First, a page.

God Didn't Say That

Bible Translations and Mistranslations

Recording the Oral Tradition

Lamentations 4 in the Leningrad Codex

In a recent post on Lamentations 4:3, I made reference to the Masoretic tradition that gives us both the canonical Hebrew text of the OT and some ways in which the written text might be in error. Here are some images that demonstrate how the Masoretes recorded their notes.

(The notes are widely regarded to be written representations of oral traditions of the time, though we can’t be certain of the degree to which the Masoretes were recording tradition versus trying to create policy.)

At the right is a (slightly digitally enhanced) section of the Leningrad Codex from almost exactly 1,000 years ago. It shows the beginning of Lamentations 4. I’ve used blue shading to highlight the word for tanin (“sea monster”) in the main text, and its correction as tanim (“jackals”) in the margin. Similarly, yellow shading shows ki einim (“because einim”) in the main text, and its correction as kay’einim (“like ostriches”) in the margin. Details of the main text and the corrections (with, unfortunately, significant digital artifacts) appear below. Click any image to enlarge it.

Lamentations 4:3 in the Leningrad Codex. Detail of main text.

Lamentations 4:3 in the Leningrad Codex. Detail of marginal note.

Tanim. The nun in the main text is corrected as a mem in the marginal note.

Lamentations 4:3 in the Leningrad Codex. Detail of main text.

Lamentations 4:3 in the Leningrad Codex. Detail of main text.

Kay’einim The two words in the main text are corrected as one in the marginal note.

February 14, 2010 Posted by | Off Topic | , | 4 Comments

Morning Coyote

From my backyard this morning…


Coyote (probably hunting deer)

…a majestic sight.

January 11, 2010 Posted by | Off Topic | | Leave a comment

Leaving Jerusalem is Always Hard

I’ve just returned from Israel. My short trip afforded me two visits to Jerusalem, and on both occasions I was reminded anew how hard it is to leave that holy city.

Even getting in isn’t easy.

I approached by car, through the foothills that King David may have surveyed as he wondered where to build his city. Dotted with white houses among pine trees, the view seems timeless and eternal. But a slew of bus stops in the right-hand lane of the main artery into the city creates a permanent condition of snarled traffic that reminds drivers that this is a modern city, too.

And as cities go, it’s not a particularly easy one to navigate. Literally built in non-Euclidean space, the network of roads winds around through hills and valleys seemingly at random, and the signs — in English, Hebrew, and Arabic — seem to be strategically placed so that you can only see them once you’ve driven by, as if to announce, “yes, you missed your turn.” Don’t bother with a GPS, either. One-way streets change direction and roads are opened or closed seemingly every month.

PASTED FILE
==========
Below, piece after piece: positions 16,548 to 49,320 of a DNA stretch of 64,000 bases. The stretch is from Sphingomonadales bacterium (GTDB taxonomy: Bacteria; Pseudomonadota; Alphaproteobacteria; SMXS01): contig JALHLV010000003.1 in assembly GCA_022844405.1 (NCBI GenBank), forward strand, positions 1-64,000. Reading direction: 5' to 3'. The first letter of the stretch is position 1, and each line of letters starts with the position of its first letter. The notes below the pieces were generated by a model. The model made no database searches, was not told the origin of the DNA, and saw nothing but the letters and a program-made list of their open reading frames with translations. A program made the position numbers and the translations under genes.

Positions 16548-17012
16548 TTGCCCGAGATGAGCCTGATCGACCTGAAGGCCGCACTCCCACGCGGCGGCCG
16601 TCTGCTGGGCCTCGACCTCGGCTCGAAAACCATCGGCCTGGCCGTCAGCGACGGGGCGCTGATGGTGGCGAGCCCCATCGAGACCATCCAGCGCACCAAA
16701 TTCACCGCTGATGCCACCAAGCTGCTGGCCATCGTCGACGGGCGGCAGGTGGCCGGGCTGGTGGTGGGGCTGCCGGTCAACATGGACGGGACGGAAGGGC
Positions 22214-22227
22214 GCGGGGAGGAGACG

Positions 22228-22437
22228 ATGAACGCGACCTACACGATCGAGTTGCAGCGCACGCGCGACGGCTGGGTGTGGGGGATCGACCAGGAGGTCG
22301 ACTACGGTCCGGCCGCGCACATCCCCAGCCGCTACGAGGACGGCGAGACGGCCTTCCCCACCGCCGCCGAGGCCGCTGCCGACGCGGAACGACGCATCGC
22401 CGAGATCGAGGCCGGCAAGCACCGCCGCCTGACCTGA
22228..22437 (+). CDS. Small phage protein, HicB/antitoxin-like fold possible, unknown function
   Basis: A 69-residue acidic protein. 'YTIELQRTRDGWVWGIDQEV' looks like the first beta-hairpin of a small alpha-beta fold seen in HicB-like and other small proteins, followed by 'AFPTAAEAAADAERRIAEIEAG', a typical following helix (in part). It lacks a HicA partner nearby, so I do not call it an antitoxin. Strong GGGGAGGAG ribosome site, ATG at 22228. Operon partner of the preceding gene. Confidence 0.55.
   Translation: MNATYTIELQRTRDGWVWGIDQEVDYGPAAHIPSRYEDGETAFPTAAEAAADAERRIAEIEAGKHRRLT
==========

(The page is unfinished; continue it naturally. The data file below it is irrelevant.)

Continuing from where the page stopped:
The roads come in all varieties and sizes, mirroring the history they represent. Some are named after people: Saul Tchernichovski and Shai Agnon, both famous poets; King George, of England; Nahmanides, the famous 13th century commentator; Salah ad-Din (“Saladin”), who took Jerusalem from the Crusaders in the 12th century; Bar Kokhba, who led an unsuccessful revolt against the Romans in the second century AD; and of course King David, who founded the city over 3,000 years ago.

Some roads recall ancient routes to even more ancient cities: Bethlehem Way, Jaffa Way, and Jericho Way. And some highlight the polyglot population. There’s even a “French Hill,” which may or may not be named for the French. (Some people think it recalls the British General John French.)

Yet the magic of New Jerusalem is dwarfed by the grandeur and splendor of the Old City. I entered, as I usually do, through the 500-year-old Jaffa Gate. Originally designed with sharp angles to keep out invading forces, a wider, straight, duplicate gate was appended next to the older one by Kaiser Wilhelm II of Germany so he could enter the city by carriage in 1898.

Nearly 2,000 years earlier, in 135 AD, the Roman Emperor Hadrian built what he called Aelia Capitolina on top of Herod’s Jerusalem. Hadrian’s typically Roman planning used thoroughfares that ran east-west and north-south to section the city into quarters. Those ancient roads, though now buried, provide the boundaries for the Jewish, Muslim, Christian, and Armenian quarters that survive to this day. The Jaffa Gate took me into the Muslim quarter.

The descending stone paths led variously to the Church of the Holy Sepulchre, the Western Wall, the Al-Aqsa Mosque, and the Armenian compound. Remnants of a Herodian arch at the Temple Mount remind visitors of the Roman siege on Jerusalem; the destroyed stone is still in a pile of rubble 2,000 years later.

To the north, in tunnels beyond the Western Wall, a plexiglass floor offers a glimpse into the past. The current ground level is several stories higher than the original was. The bottom part of the Western Wall is hidden by centuries of detritus.

But even with so much history in one place, it’s the people that make Old Jerusalem.